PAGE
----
Turkish generals keep tight grip on election preparations
Starting up a national political party in Turkey is a formidable task. Any new party must fill out 139,233 forms and applications - all within 101 days, according to a leading Turkish newspaper.
Some observers say these difficult requirements show the government is doing all it can to block parties seeking to oppose the military's choice in the coming November election. Fifteen parties want to run in the election, but so far only one - the military-favored Nationalist Democracy Party - has managed to set up a nationwide organization.
The military regime lifted the ban on political activities May 16 and set Aug. 24 as the date for the start of the election campaign. The election is scheduled for Nov. 6.
The enormous amount of red tape is just one of the many obstacles hampering formation of new parties in Turkey.
There are two main conditions for eligibility for the November balloting:
* A party must be organized in at least 34 of Turkey's 67 provinces.
Given the relatively short period of time, not all the new parties might have the human and financial means to set up such an organization.
* A group of 30 founding members must be approved by the ruling National Security Council by Aug. 24. The council, composed of five generals, can reject founders - and thus block the formation of a party.
So far only three parties have been able to meet both conditions. They are the center-right Nationalist Democracy Party, which is led by retired Gen. Turgut Sunalp and has the tacit approval of the ruling generals; the Motherland Party, which combines economic liberalism with traditionalism; and the People's Party, a moderate, left-of-center party.
Two other parties, one on the left, the other on the right, have been subject to constant vetos and so far have failed to receive the necessary approval of their 30 founding members. They are the Social Democratic Party, whose leader, Prof. Erdal Inonu, son of a former president, was vetoed as a founding member, and the conservative Right Way Party, which has been presenting itself as the heir of former Premier Suleyman Demirel.
Mr. Demirel is among a group of leading politicians who have been banished to a remote part of the country and banned from political activities.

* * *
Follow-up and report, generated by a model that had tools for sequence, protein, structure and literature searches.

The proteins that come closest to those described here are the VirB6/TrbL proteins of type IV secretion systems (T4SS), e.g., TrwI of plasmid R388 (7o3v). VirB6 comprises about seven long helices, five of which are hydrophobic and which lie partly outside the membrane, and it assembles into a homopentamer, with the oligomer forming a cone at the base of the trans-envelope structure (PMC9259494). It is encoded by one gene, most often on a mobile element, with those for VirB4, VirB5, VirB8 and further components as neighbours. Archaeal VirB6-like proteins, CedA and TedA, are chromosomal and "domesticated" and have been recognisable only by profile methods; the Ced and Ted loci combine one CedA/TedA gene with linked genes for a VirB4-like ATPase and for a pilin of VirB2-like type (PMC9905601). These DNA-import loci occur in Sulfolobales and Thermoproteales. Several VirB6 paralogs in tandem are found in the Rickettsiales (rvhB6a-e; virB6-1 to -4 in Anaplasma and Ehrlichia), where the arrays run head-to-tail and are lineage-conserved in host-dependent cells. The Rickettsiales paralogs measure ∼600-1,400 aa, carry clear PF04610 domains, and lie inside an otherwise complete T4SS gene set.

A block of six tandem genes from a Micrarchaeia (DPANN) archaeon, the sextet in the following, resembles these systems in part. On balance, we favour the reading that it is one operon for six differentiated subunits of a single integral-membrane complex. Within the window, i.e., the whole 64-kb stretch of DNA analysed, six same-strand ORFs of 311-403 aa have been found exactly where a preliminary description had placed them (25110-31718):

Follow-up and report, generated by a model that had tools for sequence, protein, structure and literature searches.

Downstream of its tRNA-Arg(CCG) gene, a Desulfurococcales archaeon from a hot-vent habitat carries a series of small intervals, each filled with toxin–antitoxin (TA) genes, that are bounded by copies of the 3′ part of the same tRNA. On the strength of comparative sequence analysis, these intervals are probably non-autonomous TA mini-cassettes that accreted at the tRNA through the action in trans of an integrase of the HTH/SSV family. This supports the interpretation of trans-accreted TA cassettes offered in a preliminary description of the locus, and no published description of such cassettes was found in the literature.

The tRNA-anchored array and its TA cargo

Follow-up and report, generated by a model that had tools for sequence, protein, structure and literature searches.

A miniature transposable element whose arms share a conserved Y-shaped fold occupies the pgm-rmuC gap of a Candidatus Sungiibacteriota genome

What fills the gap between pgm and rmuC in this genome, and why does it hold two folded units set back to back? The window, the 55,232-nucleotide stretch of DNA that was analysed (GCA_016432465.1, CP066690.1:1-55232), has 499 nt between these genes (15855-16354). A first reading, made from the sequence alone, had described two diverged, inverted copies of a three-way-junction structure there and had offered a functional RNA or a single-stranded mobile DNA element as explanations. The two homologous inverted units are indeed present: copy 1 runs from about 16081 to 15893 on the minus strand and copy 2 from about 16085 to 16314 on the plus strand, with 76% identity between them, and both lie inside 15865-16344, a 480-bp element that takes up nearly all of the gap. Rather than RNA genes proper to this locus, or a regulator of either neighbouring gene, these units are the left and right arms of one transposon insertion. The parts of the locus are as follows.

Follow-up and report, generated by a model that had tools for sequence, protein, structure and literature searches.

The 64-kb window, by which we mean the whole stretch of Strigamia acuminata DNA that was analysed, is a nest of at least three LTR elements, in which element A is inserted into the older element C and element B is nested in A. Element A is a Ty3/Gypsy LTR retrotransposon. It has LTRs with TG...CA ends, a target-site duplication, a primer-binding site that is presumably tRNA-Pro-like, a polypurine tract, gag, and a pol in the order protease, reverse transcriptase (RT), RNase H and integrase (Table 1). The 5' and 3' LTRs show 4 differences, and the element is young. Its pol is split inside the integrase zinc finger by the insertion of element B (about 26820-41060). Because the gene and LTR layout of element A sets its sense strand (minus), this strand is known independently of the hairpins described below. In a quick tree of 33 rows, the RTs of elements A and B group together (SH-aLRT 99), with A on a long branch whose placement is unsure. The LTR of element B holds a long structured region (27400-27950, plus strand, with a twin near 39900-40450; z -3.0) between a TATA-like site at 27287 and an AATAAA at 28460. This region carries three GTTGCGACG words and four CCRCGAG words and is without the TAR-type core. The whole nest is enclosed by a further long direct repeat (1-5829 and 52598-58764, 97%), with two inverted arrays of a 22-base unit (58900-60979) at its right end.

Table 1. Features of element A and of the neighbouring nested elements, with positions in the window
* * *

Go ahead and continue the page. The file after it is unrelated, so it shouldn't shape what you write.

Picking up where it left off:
The continual rejection of some of the founders of the Social Democratic Party and the Right Way Party indicates the generals' dislike for these two groups, which could receive considerable support in the elections.
Although both have submitted a new list of founding members to the authorities, it is not certain yet that they will be approved. If they are not by Aug. 24, they will not qualify to run in the coming general elections.
Many observers speculate that the generals want to keep all but three parties already approved out of the political scene, at least for the next parliament.
President Kenan Evren has complained repeatedly in recent speeches about the ''inflation of new parties'' and has publicly accused politicians of acting in a very selfish way. He has also used strong words against former politicians who - although barred from politics - still try to play a role behind the scenes and through some of the new parties.
Most of the dozen parties that have not yet gained approval are small rightist, insignificant groups, with names such as Our Party, the Flag Party, or the Party of Virtue. The generals are concerned that they could be ''spoilers'' in the elections, weakening the likelihood of having a strong government and stability in the next term of five years.
The generals are trying hard to ensure the merger of the two major parties on the right-center, the Nationalist Democracy Party and the Motherland Party. But differences that are more personal than ideological make such a fusion seem unlikely.
It is clear that the present military regime wants to hand over power to the Nationalist Democracy Party. To that end, it is trying to create conditions for a landslide victory for the NDP in the November elections.
The Motherland Party, led by the popular architect of Turkey's economic stabilization program, Turgut Ozal, might turn out to be its major rival.
And if the Social Democratic Party is allowed to enter the election campaign, the People's Party on the moderate left, which has the generals' blessing, would lose its chances. In fact, the Social Democrats might even take after the outlawed Republican People's Party of Bulent Ecevit (who is free, but barred from politics) and emerge as the second largest political force in Turkey.
Fresh efforts are being made to strengthen the Nationalist Democracy Party and to make it better known with some popular figures.
There is a lot of talk about the possibility of Prime Minister Bulent Ulusu joining that party, which again seems to be the wish of the generals. That would certainly add more weight to the generals' favorite group.
What looks certain is that as the countdown to the elections starts, the generals will exercise their powers to ensure the victory of their favorite party. They intend to retreat from active politics with a sense of comfort and confidence about a smooth transition to a civilian-run government.